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Pseudo-Outbreak of Infectious Mononucleosis -- Puerto Rico, 1990
From September 11 through October 7, 1990, 57 persons (including outpatients, inpatients, and staff) at a community hospital in Puerto Rico had laboratory-confirmed infectious mononucleosis; however, investigation determined that test results may have been misinterpreted. This report describes the investigation of this pseudo-outbreak by the Puerto Rico Department of Health (PRDH) in October 1990.
During September 9-15, three (38%) of eight heterophile agglutination tests (Monophile*) processed in the hospital's laboratory were interpreted as positive; during September 16-22, nine (60%) of the 15 tests processed were interpreted as positive (Figure 1). In comparison, in the first 8 months of 1990, an average of three (19%) of 16 such tests processed each month were positive. Physicians and hospital staff determined the increase indicated an outbreak of infectious mononucleosis.
Additional physicians began testing their patients, and several hospital staff members requested testing for themselves. During September 30-October 6, two local newspapers and a television station reported that the hospital had detected an epidemic of infectious mononucleosis in the surrounding community. Subsequently, outpatients treated in the emergency room requested tests, and persons from other towns came to this hospital for testing. From September 23 through October 7, 45 (45%) of 101 Monophile tests ordered were reported as positive.
On October 8, the PRDH was informed of the outbreak, and an investigation began. All available hospital medical records were reviewed for persons who had tested positive (40 (70%) of 57 persons) and compared with a random sample of half the available medical records for persons who had tested negative (31 (46%) of 67 persons). All patients had listed telephone numbers on their records. They were called on October 8 within an 8-hour period, and a questionnaire was administered to the 28 persons who had tested positive and the 15 persons who had tested negative and who could be reached during that time. Twelve persons with positive tests had blood redrawn and tested at a reference laboratory in Puerto Rico using the same heterophile agglutination test.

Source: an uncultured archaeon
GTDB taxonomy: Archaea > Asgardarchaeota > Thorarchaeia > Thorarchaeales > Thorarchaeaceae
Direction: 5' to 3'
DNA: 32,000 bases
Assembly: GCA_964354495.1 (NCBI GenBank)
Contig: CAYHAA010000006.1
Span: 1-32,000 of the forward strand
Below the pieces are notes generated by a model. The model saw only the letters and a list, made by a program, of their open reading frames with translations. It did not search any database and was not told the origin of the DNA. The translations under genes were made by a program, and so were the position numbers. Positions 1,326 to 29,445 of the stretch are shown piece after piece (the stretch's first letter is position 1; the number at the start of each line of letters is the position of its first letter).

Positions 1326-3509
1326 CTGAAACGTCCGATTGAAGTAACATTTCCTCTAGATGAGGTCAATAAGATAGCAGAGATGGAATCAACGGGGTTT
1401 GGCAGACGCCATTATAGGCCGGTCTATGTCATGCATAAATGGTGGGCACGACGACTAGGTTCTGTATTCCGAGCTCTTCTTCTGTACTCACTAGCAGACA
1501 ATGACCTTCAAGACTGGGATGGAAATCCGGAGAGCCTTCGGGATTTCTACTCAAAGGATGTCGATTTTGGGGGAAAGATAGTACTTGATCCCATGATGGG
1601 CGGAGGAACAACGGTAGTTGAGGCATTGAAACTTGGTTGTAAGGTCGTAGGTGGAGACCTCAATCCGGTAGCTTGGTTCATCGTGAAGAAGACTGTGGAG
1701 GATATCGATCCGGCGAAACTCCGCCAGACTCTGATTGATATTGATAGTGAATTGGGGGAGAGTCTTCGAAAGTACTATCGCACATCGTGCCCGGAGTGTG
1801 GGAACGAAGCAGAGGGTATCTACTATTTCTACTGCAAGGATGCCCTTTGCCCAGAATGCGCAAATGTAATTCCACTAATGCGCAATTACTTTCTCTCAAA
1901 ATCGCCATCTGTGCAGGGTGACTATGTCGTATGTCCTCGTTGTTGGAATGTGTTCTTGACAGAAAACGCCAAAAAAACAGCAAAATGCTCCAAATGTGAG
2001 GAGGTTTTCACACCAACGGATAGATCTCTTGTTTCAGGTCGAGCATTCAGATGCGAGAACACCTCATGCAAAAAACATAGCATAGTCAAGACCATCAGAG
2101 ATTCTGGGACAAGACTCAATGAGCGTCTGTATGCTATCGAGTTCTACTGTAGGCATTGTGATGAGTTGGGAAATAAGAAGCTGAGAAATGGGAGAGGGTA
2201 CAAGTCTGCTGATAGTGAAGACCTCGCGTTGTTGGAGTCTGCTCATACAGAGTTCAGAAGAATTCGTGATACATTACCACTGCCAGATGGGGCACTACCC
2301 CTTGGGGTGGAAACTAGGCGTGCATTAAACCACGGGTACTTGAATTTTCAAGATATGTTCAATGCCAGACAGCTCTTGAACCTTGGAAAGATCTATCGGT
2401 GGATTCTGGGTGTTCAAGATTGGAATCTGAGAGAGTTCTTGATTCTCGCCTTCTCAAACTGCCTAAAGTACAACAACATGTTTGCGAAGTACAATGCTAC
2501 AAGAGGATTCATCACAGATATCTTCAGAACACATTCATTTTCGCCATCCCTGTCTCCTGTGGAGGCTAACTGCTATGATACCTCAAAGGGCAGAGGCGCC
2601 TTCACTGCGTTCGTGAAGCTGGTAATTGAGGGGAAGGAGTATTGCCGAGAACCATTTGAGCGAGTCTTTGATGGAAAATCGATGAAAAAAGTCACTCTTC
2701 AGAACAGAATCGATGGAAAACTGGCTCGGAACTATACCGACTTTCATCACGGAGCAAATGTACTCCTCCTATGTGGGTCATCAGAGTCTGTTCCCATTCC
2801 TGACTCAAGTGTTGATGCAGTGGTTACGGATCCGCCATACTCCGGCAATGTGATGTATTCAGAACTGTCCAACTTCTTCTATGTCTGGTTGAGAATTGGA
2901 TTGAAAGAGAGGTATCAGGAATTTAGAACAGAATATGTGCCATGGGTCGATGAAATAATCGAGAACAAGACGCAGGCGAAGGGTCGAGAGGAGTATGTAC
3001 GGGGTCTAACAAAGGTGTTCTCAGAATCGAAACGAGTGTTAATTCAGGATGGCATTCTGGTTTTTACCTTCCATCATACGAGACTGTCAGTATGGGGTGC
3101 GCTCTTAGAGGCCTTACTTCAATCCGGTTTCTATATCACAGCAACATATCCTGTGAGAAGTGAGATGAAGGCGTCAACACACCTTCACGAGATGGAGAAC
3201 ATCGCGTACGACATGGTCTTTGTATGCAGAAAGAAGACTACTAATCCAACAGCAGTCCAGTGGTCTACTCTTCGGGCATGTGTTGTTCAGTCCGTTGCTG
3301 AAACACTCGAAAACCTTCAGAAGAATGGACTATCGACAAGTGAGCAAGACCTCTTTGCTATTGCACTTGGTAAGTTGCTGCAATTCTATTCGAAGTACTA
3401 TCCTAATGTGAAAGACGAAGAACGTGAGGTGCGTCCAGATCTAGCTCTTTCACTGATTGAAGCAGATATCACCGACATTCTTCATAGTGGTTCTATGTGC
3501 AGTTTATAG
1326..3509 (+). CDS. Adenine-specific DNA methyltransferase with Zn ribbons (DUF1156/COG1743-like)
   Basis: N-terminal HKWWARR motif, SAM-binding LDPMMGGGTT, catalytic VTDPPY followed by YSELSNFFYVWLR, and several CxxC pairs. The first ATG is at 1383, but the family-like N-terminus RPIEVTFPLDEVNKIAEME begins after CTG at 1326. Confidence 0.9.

Among the 28 persons who had tested positive, illness onset occurred during August 26-October 6. Symptoms included fever (85%), headache (70%), myalgia (70%), and pharyngitis (63%); two (7%) persons were asymptomatic. One patient had lymphadenopathy. Among persons for whom duration of illness was known, 24 were ill 1-15 days (mean: 9 days); one person was ill 27 days. Three persons attended one school, and six persons were employees of the hospital; no other common exposures were reported. The medical records for the 40 persons who tested positive showed that ages ranged from 5 to 55 years; 30% were aged 10-19 years. Twenty-two (55%) were male. Persons resided in five different towns, with 75% residing in the two towns nearest to the hospital. One person had the typical clinical presentation of infectious mononucleosis (i.e., fever, pharyngitis, and lymphadenopathy), and another person had a complete blood count (CBC) consistent with infectious mononucleosis (i.e., greater than 10% atypical cells and greater than 50% lymphocytes). Two (7%) persons were hospitalized for febrile illnesses of unknown origin before being tested for mononucleosis. Persons with negative test results had similar places of residence, dates of illness onset, age range, and symptoms as persons with positive test results.
All persons retested had onset of symptoms less than 2 weeks before the repeat blood was drawn. Only the person whose CBC was compatible with infectious mononucleosis had a positive retest.
Review of the laboratory procedures revealed no technical deficiencies. Tests had been run with controls. Proficiency testing using unknown positive and negative samples had been done correctly throughout the year, and the same reagent lot had been used during July-September. During July, 16% of the tests performed were reported as positive, and during August, 6% of the tests were reported as positive. However, during September, 50% of the tests were reported as positive. No reagents from this lot were available for testing elsewhere. On October 3, another heterophile test (Monosticon) was used. All 18 tests done in the morning were negative. That afternoon, after a new lot of the Monophile test arrived, the laboratory retested the 18 samples; four were positive. Before October 8, 52% of tests done with the new lot of Monophile were reported as positive.